How Low Did You Go?

  • Published
  • By Lt Col Gregg Allred
  • 72 ABW/SEF
Nearly 20 years ago, I learned some very valuable lessons that are part of the reason that I am still alive and flying today. However, there was much more that could have been learned at the time, and it could have been learned by more than just the six pilots in the flight. Our safety culture has come a long way since then -- or has it? 

The story began benignly enough. I was in advanced jet training, flying the TA-4J Skyhawk, and we were deployed to NAF El Centro, Calif. for our bombing training phase. Our welcome to California was a beautiful, sunny day and a magnitude 4.0 earthquake. The deployment began well, but the normally good weather didn't hold. Following a brief for a four-plane bombing mission, we reconsulted the official weather version by walking outside and looking north toward the target area. The only problem was that we couldn't see that far, due to the restricted visibility that obscured the horizon and made determining the ceilings difficult. 

A check with the weather shop revealed that the weather was legally VFR, but not much else. The flight lead was an instructor pilot, and there was a second IP riding in the back seat of No. 4. There was pressure to complete the Xs, and they determined that we should give it a try. The weather didn't look that good to me, but what did I know? The ominous music should have been building in the background at this point. It wasn't unsafe to take off, but we needed a good plan to ensure safe execution of the flight, and definitely more than just "We'll take off and give it a try." 

We got airborne, successfully rendezvoused and began feeling our way to the target. We managed to stumble across the run-in line and turned for the target. When we reached the bull's-eye, lead broke up into the high dive pattern. I was No. 3, and by the time I broke, lead had already disappeared into what most people would probably characterize as clouds. However, since we were in a VFR bombing pattern, we'll just refer to it as further reduced visibility. As I reached the abeam position, I couldn't see lead or the target, but I still was visual on No. 2, and trusted him to lead me to the roll-in. As I turned for the roll-in, I looked inside and set the appropriate switches so that I could unleash a fearsome 25-pound blue bomb. A mistake here could cost me a beer for not getting a bomb off on the first pass. However, focusing on setting up the weapons system almost cost me a lot more. As I looked back outside, something was amiss. I was looking up at a lot of sagebrush. It didn't take long to realize that this wasn't good. A max performance roll, which in the A-4 doesn't take long, followed by a 6 G pull, and I was headed back up for the roll-in. At about that time, the lead IP called "off safe, off target rendezvous due to visibility." Good idea, I thought, followed by, "I hope the IP in No. 4 didn't see me."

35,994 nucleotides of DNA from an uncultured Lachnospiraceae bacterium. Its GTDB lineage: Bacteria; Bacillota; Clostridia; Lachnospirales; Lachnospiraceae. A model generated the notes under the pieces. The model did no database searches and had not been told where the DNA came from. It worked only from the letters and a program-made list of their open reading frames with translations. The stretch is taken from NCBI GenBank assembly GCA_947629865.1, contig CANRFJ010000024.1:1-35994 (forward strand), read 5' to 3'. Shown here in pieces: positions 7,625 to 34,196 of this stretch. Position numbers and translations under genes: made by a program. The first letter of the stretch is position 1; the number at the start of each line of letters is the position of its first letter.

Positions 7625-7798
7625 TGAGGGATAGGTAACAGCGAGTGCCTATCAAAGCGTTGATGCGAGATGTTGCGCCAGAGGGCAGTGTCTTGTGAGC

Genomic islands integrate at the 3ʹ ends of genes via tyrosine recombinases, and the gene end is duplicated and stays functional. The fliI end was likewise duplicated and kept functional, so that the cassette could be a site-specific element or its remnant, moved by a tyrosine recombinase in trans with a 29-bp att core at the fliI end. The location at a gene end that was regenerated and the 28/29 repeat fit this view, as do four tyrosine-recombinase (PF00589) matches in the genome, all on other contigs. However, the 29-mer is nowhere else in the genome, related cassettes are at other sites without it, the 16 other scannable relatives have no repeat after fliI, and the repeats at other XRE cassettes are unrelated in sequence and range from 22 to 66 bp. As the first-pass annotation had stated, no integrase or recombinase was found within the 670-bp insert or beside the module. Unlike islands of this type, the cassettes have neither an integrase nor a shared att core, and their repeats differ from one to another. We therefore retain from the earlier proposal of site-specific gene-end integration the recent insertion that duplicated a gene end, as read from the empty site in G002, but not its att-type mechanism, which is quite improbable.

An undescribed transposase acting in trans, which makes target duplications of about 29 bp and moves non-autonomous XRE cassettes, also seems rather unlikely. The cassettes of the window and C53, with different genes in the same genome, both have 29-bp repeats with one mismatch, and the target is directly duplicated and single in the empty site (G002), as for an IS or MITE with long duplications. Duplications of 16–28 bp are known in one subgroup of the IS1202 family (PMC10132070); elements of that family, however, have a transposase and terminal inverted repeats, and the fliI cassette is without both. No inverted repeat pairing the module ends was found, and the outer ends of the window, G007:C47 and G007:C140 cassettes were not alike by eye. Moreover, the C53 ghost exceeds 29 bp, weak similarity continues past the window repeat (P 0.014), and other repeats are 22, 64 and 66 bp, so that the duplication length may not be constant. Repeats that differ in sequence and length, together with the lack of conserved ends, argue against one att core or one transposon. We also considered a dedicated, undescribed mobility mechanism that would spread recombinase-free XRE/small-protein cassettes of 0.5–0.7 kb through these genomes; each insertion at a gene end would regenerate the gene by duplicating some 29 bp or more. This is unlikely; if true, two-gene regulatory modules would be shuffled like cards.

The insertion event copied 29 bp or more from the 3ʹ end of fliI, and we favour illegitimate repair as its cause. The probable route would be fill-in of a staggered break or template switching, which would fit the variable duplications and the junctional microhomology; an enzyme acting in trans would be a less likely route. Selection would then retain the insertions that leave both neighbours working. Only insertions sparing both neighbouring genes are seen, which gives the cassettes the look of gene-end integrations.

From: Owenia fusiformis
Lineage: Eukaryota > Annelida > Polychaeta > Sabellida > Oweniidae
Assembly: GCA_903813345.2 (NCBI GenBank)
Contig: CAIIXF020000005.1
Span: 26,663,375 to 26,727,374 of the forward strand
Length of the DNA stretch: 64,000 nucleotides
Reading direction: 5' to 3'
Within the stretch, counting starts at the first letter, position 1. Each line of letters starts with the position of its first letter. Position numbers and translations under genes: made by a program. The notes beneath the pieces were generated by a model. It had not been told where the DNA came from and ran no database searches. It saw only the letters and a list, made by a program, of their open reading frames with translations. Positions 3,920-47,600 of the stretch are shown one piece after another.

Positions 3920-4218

I now know that I had just experienced a classic somatogravic illusion. Normally in a day, visual bombing pattern, seeing the horizon in the peripheral vision was all it took to remain oriented while focusing on setting up the switches. However, with no horizon, no peripheral cues, and no scan of the ADI, orientation was left up to the vestibular system, which, safe to say, isn't adapted for the task. 

The debrief was fairly uneventful and seemed to gloss over the poor decision making until the lead said, "That's about it; any questions?" As a student worried about busting the flight, I wasn't about to say anything, although clearly there were some learning points that hadn't been brought out. However, the IP from the back seat of No. 4 was well aware that all had not gone well. He looked at me with large eyes and said, "How low did you go?" I hadn't bothered to look at the radar altimeter, as my clear view of the sage brush said that I was far too low and my visual scan was fixated on terrain avoidance. I waited for my "down," but little more was said. The debrief ended shortly thereafter, and we wandered off in search of food. It wasn't until later that I realized the lead IP was every bit as worried as I was about getting in trouble for his actions. 

At the time, I was content not to have busted the flight, but we really should have brought out more learning points. Why didn't we brief to overfly the target at pattern altitude to check the ceiling and visibility? It would have been obvious before we got that high that the pattern was unworkable. When did No. 4 realize my problem, and why didn't he say anything? When things are different from normal, keep your priorities straight. Bombs on target first pass don't count if the bombs are still connected to your airplane. 

Fast-forward 20 years and think about how the debrief would have gone in your squadron today. Is the command climate such that junior personnel feel free to speak up? Would the senior members of the flight bring out their mistakes? Would everybody have realized that since they had narrowly avoided crashing a jet and killing a pilot, they really should talk to Safety and release a high accident-potential message, so that the rest of the squadron and the Air Force could learn from their mistakes and not repeat them? Would the DO and CC have appreciated the flight's candor, or would they have hammered everybody? Since the CC and DO are probably too busy attending meetings to regularly read FSM, hand them a copy of this article and ask them at the next Commander's Call. According to mishap boards, human factors are causal in 63 percent of mishaps. Does everybody in the squadron read all applicable HAPs, HATRs, and mishap messages to learn from others?  If we want to kill fewer people and meet the SecDef's goal of a 75 percent reduction in mishaps, every squadron's safety culture needs to support sharing your mistakes and learning from others. Does yours?